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Mull of Kintyre

From Wikipedia, the free encyclopedia

Mull of Kintyre
Mull of Kintyre Lighthouse - geograph.org.uk - 49941.jpg

Mull of Kintyre Lighthouse
Mull of Kintyre is located in Argyll and Bute
Mull of Kintyre
Mull of Kintyre
Location within Argyll and Bute
OS grid referenceNR5908
Civil parish
Council area
Lieutenancy area
CountryScotland
Sovereign stateUnited Kingdom
Post townCampbeltown
Postcode districtPA28
Dialling code01586
PoliceScotland
FireScottish
AmbulanceScottish
UK Parliament
Scottish Parliament
List of places
UK
Scotland
55°18′40″N 5°48′14″W / 55.311°N 5.804°W / 55.311; -5.804

The Mull of Kintyre is the southwesternmost tip of the Kintyre Peninsula (formerly Cantyre) in southwest Scotland. From here, the Antrim coast of Northern Ireland is visible on a calm and clear day, and a historic lighthouse, the second commissioned in Scotland, guides shipping in the intervening North Channel. The area has been immortalised in popular culture by the 1977 hit song "Mull of Kintyre" by Kintyre resident Paul McCartney's band of the time, Wings.

Etymology

The name is an anglicisation of the Gaelic Maol Chinn Tìre (Scottish Gaelic pronunciation: [mɯːl̪ˠ çiɲˈtʲʰiːɾʲə]), in English: "The rounded [or bare] headland of Kintyre", where chinn and tìre are the genitive forms of ceann head and tìr land, country respectively. The English variant Cantyre derives from the phrase ceann tìre [kʲʰaɲˈtʲʰiːɾʲə] "head land".

Mull as a geographical term is most commonly found in southwest Scotland, where it is often applied to headlands or promontories, and, often more specifically, for the tip of that promontory or peninsula.[citation needed]

The term mull derives from Scottish Gaelic: maol "bald, bare, baldness, bareness".[1][2] The geographical reference is to a land formation bare of trees, such as a rounded hill, summit, mountain, promontory or headland.

Geography

The Mull is at the extreme southwestern tip of the Kintyre peninsula, approximately 10 miles (16 kilometres) from Campbeltown in Argyll and Bute, Western Scotland. It is about 8 miles (13 kilometres) beyond the southernmost village of the peninsula, Southend with its tea room and beaches, and reached via a single-track road.[3]

Mull of Kintyre in foreground, Northern Ireland in distance
Mull of Kintyre in foreground, Northern Ireland in distance
Mull of Kintyre in distance – taken from Torr Head, Northern Ireland
Mull of Kintyre in distance – taken from Torr Head, Northern Ireland

Ailsa Craig and the County Antrim coast of Ulster and Rathlin Island are all clearly visible from the Mull. On clearer days it is also possible to make out Malin Head in Inishowen in County Donegal in the west of Ulster, and the Ayrshire coast on the other side of Ailsa Craig. Other islands in the Firth of Clyde are also visible when looking east, especially from further back along the single track road from Southend village. The Straits of Moyle (part of the North Channel) allow sea passage from the Irish Sea to the Atlantic Ocean. Notoriously strong currents plague the tip of the Kintyre Peninsula creating a hazard to unmotorised craft and virtually impossible for distance swimmers.[4][5] At its closest point, mainland Ulster is 12 mi (19 km) from the Mull. Owing to the low elevation of Rathlin Island and the high elevation of the Mull of Kintyre it is also possible to see over the top of Rathlin Island to the Antrim coastal town of Ballycastle. Individual houses on the Antrim coast and cars travelling along the coast road can sometimes be seen without the aid of binoculars, visibility conditions depending.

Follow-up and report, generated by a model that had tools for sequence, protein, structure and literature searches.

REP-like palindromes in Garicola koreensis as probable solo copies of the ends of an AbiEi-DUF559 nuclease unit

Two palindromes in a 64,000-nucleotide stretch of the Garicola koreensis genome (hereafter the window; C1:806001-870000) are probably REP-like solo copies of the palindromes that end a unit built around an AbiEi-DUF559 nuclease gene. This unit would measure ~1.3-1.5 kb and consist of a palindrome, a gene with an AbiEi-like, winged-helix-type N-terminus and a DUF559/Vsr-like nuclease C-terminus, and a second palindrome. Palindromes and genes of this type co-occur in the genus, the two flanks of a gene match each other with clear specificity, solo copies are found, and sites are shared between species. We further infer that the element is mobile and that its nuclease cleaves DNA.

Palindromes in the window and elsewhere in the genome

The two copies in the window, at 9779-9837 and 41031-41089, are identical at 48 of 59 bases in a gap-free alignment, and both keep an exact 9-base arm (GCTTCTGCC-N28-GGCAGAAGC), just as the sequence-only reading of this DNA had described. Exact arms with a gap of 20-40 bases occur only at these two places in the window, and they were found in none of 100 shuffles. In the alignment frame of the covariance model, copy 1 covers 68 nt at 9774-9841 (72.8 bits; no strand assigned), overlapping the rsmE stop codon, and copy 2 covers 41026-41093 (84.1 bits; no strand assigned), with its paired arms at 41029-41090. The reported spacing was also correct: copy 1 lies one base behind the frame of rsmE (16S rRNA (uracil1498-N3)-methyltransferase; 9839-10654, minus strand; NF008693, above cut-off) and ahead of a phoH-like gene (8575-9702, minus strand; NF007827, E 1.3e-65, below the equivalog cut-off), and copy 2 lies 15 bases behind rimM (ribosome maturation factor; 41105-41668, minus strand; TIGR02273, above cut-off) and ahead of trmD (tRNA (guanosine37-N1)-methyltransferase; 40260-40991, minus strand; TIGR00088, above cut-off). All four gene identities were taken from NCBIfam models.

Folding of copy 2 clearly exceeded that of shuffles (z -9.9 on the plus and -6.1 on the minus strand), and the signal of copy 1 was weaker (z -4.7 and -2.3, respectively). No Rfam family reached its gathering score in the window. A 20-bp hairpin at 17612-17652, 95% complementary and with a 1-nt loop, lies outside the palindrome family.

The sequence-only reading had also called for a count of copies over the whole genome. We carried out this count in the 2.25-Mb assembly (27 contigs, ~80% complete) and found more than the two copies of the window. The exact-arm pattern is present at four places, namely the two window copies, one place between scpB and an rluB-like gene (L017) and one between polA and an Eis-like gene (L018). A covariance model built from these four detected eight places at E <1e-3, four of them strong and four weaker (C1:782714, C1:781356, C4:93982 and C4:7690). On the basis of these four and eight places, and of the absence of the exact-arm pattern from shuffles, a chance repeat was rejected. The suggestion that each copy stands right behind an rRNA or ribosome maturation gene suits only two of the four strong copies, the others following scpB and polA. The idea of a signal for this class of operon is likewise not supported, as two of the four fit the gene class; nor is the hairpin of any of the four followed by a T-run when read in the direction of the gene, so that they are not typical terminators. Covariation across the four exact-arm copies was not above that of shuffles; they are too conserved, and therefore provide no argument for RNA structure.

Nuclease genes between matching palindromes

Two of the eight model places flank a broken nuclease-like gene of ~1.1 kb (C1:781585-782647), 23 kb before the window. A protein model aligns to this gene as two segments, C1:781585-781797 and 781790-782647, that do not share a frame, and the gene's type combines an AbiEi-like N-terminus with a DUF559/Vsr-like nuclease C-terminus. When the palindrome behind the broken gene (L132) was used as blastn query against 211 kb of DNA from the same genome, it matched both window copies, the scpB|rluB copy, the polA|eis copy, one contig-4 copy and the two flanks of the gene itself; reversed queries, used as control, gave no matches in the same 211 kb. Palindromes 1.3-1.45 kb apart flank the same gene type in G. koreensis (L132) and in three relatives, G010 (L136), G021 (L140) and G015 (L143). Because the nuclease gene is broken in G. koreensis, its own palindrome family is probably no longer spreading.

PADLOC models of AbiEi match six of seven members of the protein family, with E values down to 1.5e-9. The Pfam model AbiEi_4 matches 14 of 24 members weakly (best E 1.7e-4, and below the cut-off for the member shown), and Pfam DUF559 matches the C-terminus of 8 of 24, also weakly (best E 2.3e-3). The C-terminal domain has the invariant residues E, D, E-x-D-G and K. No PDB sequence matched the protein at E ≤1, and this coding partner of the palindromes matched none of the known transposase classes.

History

The Mull has been an important landbridge throughout history. It is thought that it was used by early humans in their travels from continental Europe to Ireland via Britain. In more recent times it was used again by the Scotti when they travelled from Ireland to establish the kingdom of Dál Riata in modern-day Argyll.

Air crashes

The steep cliffs and hills rising out of the sea on all sides, along with the frequent sea mists, have made the area a hazard to flight. It has been the site of numerous air crashes throughout aviation history, and the remains of some of those crashed aircraft still litter the area.[6][7][8]

A notable air disaster on the Mull was the RAF Chinook helicopter crash on 2 June 1994.

Nautical disaster

On 13 June 1858 the SS New York, a steamship converted to sail, was wrecked at the south end of the Mull of Kintyre.[9]

Lighthouse

See also

References

  1. ^ "Mull". Online Etymology Dictionary. Retrieved 17 January 2011.
  2. ^ ""maol" in Gaelic-English Dictionary". Clan MacRae Society of Canada. Archived from the original on 4 December 2010. Retrieved 17 January 2011.
  3. ^ "Kintyre Guide". Kintyre tourist information. Archived from the original on 19 March 2011. Retrieved 17 January 2011.
  4. ^ "Wayne Soutter makes history with North Channel swim". BBC News. BBC. 27 August 2012. Retrieved 27 August 2012.
  5. ^ Chris, Kilpatrick (28 August 2012). "Superman Wayne on crest of a wave after historic sea swim". Belfast Telegraph. Independent News & Media. Retrieved 28 August 2012.
  6. ^ "Armstrong Whitworth Whitley Mk.V P5041 of No.502 Squadron, RAF, flew into high ground above the long abandoned settlement at Balmavicar on the Mull of Kintyre on the 23rd January 1941". Peak District Air Accident Research. Retrieved 19 October 2015.
  7. ^ "Bristol Beaufort N1180". Air Crash Sites Scotland. Gordon Lyons. Retrieved 19 October 2015.
  8. ^ "Lockheed Neptune WX545". Air Crash Sites Scotland. Gordon Lyons. Archived from the original on 9 March 2016. Retrieved 19 October 2015.
  9. ^ "Wrecksite – New York Passenger/cargo Ship 1854–1858".
This page was last edited on 19 March 2021, at 05:17
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